Anyway, since Julia Stiles has gone on to bigger and more baffling things since her 2001 turn as Sara, Coyote Ugly's Izabella Miko takes over and provides a little more legitimacy when it comes to cutting a real rug. Trained as a ballerina both in her former Communist homeland of Poland and at the School of American Ballet, she's no slouch on the dance floor. Sure, her urban moves look like bad interpretative dance ("Look, I'm embodying a clueless Caucasian wannabe!"), but the third act's Giselle piece is quite powerful. Yet the biggest problem with Miko is how un-Sara her Sara is. When the stone-faced Stiles played the part, she seemed to have some street savvy deep down inside her otherwise dour demeanor. Even though she resembled a porcelain doll version of dried cement, she pulled off the "round away girl" groove pretty well. Miko is just all open pie-faced promise. She never once wears the death of her mother, the deadbeat desperation of her father, or the loss of her first love anywhere on her person. She just bops around, constantly curious like a far-too-clever cat, and waits for people to put her in her place. Then she pouts like a kitten and twists up her courage to rise above. It may seem noble, but it's really nonsensical and dull.
Columbus Short's Kanye West-aspirant Miles is equally problematic. He has a past and a precarious connection to Sara's ballet career, but we never fully understand his motivations, his career plan, or his personality quirks. For example, he is someone who has spent his entire life recording the elements and events around him. He has stacks of tapes with, by his own words, over 8,000 hours of sounds captured on them. So what does he pick out in order to impress Sara? Why a two-decade-old snippet of some ice melting. Then, there's the whole Julliard/classical composition issue which is never completely explained. He apparently was a protégé, but then dropped out to do…what, exactly? Compose modern music. Eat cannolis? Hang out at a club watching the cool kids krump? We have no clue. Even when he's begging Sara to stand up for him and what he's trying to accomplish, we keep thinking in the back of our head that if he would simply tell her what he's on about, maybe she'd say "yes." Frankly, Save the Last Dance 2 has no complete characters. Everyone here, from Sara's silly actor roommate to Ms. Bissett, is merely a compilation of melodrama manipulations, pieces of a direct-to-DVD cinematic puzzle that simply have to fall into place before the narrative gets overly knotty. That they barely succeed is the only small pleasure one can gain from this otherwise unnecessary redux.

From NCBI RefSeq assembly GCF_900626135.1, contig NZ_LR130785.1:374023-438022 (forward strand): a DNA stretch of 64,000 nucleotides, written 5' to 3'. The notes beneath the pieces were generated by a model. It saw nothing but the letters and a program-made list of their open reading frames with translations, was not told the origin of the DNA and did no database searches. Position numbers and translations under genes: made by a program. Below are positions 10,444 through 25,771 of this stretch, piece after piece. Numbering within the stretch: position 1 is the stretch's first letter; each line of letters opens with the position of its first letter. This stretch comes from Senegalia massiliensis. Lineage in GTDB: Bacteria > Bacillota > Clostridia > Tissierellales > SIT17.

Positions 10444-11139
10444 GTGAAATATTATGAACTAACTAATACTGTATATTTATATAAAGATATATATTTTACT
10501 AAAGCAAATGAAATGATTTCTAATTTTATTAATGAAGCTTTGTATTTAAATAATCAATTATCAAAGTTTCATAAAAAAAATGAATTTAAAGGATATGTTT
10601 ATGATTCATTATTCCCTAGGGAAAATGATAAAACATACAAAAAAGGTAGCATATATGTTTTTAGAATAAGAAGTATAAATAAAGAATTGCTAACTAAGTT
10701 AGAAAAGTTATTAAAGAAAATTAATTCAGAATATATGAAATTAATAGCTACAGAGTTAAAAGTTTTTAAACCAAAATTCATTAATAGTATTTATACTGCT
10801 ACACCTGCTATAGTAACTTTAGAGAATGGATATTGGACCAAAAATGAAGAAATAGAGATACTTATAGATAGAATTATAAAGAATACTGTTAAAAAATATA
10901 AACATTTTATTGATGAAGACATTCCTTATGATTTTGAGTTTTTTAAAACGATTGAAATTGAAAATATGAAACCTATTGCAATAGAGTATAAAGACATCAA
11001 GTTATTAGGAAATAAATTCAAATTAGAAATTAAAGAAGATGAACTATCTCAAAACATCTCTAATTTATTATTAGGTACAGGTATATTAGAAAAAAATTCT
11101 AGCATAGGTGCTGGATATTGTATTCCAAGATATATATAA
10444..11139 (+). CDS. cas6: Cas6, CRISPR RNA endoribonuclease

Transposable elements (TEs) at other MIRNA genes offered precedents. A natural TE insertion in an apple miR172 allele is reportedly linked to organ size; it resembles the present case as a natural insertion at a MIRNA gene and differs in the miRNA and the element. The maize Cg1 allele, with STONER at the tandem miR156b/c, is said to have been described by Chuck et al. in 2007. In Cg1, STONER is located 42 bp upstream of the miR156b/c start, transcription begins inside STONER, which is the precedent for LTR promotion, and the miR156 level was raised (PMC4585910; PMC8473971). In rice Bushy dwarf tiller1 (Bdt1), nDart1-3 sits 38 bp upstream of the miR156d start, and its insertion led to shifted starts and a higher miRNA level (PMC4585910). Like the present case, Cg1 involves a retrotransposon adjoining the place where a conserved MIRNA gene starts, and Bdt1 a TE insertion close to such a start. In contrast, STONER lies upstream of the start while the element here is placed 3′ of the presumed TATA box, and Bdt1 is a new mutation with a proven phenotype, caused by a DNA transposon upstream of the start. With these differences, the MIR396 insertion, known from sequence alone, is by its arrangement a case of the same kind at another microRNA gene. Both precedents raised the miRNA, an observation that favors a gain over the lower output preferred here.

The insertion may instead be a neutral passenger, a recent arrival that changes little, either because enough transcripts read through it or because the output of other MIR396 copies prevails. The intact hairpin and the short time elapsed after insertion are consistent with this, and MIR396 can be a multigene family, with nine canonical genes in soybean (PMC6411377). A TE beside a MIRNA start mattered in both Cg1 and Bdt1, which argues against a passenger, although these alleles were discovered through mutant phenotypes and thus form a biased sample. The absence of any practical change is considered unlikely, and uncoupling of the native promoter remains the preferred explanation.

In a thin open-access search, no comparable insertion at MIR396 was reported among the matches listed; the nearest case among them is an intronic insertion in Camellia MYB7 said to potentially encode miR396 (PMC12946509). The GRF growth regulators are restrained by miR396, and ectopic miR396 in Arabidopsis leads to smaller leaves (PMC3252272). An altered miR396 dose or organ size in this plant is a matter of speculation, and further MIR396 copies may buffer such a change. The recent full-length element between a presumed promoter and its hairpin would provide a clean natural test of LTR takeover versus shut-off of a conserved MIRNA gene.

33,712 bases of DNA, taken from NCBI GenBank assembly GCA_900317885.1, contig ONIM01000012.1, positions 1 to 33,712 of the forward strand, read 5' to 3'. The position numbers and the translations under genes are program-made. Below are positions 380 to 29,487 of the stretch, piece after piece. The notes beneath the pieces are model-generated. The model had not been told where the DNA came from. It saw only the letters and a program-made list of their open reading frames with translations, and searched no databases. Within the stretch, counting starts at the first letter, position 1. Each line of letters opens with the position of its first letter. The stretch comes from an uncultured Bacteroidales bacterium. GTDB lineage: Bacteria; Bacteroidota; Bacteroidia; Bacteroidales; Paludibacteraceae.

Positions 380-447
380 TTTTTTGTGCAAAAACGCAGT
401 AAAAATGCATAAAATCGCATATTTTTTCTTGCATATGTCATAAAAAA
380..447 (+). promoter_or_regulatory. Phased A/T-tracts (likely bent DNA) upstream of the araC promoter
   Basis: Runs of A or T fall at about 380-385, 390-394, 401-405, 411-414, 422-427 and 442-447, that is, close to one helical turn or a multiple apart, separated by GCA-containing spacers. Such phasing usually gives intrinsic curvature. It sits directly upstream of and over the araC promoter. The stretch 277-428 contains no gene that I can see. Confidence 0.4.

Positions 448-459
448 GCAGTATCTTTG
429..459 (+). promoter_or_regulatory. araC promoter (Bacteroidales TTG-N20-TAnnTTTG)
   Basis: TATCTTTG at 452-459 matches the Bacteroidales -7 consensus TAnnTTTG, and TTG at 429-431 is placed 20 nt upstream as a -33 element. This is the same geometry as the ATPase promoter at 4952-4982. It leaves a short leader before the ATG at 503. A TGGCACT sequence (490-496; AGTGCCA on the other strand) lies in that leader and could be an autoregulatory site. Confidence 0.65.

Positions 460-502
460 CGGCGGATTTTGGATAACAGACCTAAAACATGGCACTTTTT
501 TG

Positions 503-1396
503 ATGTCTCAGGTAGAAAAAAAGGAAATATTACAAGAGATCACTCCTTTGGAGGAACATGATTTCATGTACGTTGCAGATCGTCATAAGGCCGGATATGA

Though it claims to be set in New York, you'd never know it by TV director David Petrarca's pedestrian techniques. Shots are assembled in the typical MTV style of rapid-fire editing, and no frame extends beyond a middling medium range. We do see Lincoln Center and a baffling white building that looks straight out of Michael Bay's The Island, but as for overall locale, we could really be anywhere. As for the music, it's about as bottom of the barrel as you can get. The so-called street beats sounds like stuff Missy Elliot and Timbaland were doing five years ago. Besides, none of it hangs around enough to make an impression. Paramount may believe they are delivering a big-screen quality transfer with the 1.85:1 anamorphic widescreen image and Dolby Digital 5.1 (and 2.0) mixes, but both technical elements are bare bones and basic. They are about as boob-tube bland as something supposedly cinematic can be.
As part of the DVD presentation, we are also treated to a dull EPK level look at the production, with many of the cast and crew commenting on how "awesome" and "empowering" this movie is. Yeah, right…and Ms. Miko is the next Kate Hepburn. Add in a pair of trailers and you've got a nominal release that completely compliments the quality of the production at hand. In some ways, it's really not Save the Last Dance 2's fault. The material in the first film was barely enough to keep it afloat. To expect it to now do double duty is just plain ridiculous. There was no need to revisit the story—not in this way, or any way, for that matter.
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Scales of Justice
• "On Their Toes: The Cast and Crew of Save the Last Dance 2"